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High-current traces on plated molded interconnect device

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Title: High-current traces on plated molded interconnect device.
Abstract: A molded interconnect device with a high-current trace and methods of making a molded interconnect device with a high-current trace are described. The molded interconnect device comprises a substrate surface and an interconnect pattern. The interconnect pattern is at least one of a rib raised from the substrate surface and a channel protruding into the substrate surface. In a first embodiment, the molded interconnect device is molded from photosensitive plastic molded in a one-shot molding process. A trace is grown on the portion of the interconnect pattern where an interconnect path has been written, either by a laser or by photolithography. In a second embodiment, the molded interconnect device is molded of plastic and the trace is grown by at least one of a mask and print-and-plate process and a mask and print-and-etch process. The trace forms at least one of an angle and a curve in cross section. ...


- Lisle, IL, US
Inventor: Victor Zaderej
USPTO Applicaton #: #20080171181 - Class: 428209 (USPTO) - 07/17/08 - Class 428 


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The Patent Description & Claims data below is from USPTO Patent Application 20080171181, High-current traces on plated molded interconnect device.

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FIELD OF THE INVENTION

This invention relates to the field of molded interconnect devices [“MIDs”]. A MID has at least one electrical trace grown, usually by plating of a conductive metal, on a molded plastic structure. The trace carries data signals, control signals, or power to and from components of the application. MIDs are used in a variety of industries as, for examples, sensors, switches, connectors, instrument panels, and controllers.

BACKGROUND OF THE INVENTION

In the prior art, MIDs were created by molding part of a structure in one mold, using a first plastic material, then placing the structure in a second mold and shooting again with a second plastic material. The two plastic materials are selected so that a conductive material can be plated on one of the plastic materials and not on the other plastic material. The conductive material, grown on the platable plastic, becomes a trace. A representative method of two-shot molding is described in U.S. Pat. No. 5,359,165, Illuminated Rotary Switch Assembly. While the two-shot molding process works well, it is expensive and time-consuming.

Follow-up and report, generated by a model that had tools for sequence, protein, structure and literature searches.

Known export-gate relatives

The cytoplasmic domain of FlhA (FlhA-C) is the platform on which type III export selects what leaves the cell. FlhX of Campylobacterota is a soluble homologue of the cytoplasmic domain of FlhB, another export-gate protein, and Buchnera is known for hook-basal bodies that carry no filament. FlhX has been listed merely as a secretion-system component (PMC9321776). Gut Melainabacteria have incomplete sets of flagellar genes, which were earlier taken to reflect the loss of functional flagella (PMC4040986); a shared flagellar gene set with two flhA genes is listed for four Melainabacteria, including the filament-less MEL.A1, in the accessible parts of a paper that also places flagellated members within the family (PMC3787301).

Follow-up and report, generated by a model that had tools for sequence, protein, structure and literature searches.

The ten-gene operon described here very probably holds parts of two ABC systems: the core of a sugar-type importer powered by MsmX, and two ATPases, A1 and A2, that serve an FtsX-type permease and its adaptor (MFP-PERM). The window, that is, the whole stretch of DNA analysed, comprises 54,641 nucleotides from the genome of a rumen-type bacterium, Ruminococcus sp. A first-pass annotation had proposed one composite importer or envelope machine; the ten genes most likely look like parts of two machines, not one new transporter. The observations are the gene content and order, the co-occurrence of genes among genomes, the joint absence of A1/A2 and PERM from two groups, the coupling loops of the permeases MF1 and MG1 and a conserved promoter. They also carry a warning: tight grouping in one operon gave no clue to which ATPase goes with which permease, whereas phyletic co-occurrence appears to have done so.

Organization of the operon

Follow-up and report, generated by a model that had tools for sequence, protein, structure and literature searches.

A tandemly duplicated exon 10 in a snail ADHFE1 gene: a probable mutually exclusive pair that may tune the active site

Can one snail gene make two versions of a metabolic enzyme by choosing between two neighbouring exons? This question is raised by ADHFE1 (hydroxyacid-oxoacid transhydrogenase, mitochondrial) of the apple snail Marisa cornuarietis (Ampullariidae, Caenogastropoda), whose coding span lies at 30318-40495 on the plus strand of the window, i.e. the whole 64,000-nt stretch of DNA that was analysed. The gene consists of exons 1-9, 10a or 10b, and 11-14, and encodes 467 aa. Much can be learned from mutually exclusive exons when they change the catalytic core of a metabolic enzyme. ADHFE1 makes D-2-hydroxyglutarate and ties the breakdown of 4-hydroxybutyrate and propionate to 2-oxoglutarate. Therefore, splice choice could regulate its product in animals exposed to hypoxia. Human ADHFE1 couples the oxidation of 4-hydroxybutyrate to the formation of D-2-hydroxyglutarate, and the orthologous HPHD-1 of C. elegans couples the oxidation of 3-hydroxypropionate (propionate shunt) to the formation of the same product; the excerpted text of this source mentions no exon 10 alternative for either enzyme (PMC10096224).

More recent developments in plastic injection molding permit molding of MIDs in a single shot. For example, a structure can be produced from a single photosensitive plastic material, such as, for example, a plastic doped with an organic metal complex. An interconnect path is then written on the molded structure by, for example, a laser, which breaks the metal atoms from the organic ligands, allowing the metal atoms to act as nuclei for reductive copper plating, as well as ablating the plastic surface. Immersion in a copper bath permits plating of copper onto the areas etched by the laser beam, growing traces in those areas.

The prior art also describes creating traces by photolithography and by plating and etching, both of which can be adapted to use on a molded interconnect device.

The amount of current that can be carried by a trace is a function of the cross-sectional area of the conductor and the allowable temperature rise. To increase the cross-sectional area, either the depth of the trace or the width of the trace must be increased. The costs of the plating process usually limit increasing the depth of the trace. A desire for smaller components and scarce space for applications usually limits the width of the trace.

A need exists for an MID having traces with increased current-carrying capability without increasing plating costs or width of the trace. The present invention meets this need.

SUMMARY OF THE INVENTION

The present invention is a molded interconnect device having a high-current trace and a method for making a molded interconnect device with a high-current trace. In a first embodiment, the MID comprises a substrate surface and an interconnect pattern. The interconnect pattern is at least one of a rib raised from the substrate surface and a channel protruding into the substrate surface. The MID is preferably formed from a photosensitive material in a one-shot molding process. An interconnect path is written on at least a portion of the interconnect pattern and a trace is grown on the interconnect path, forming at least one of an angle and a curve in cross section. The interconnect path is preferably written by a laser or by a photolithography process.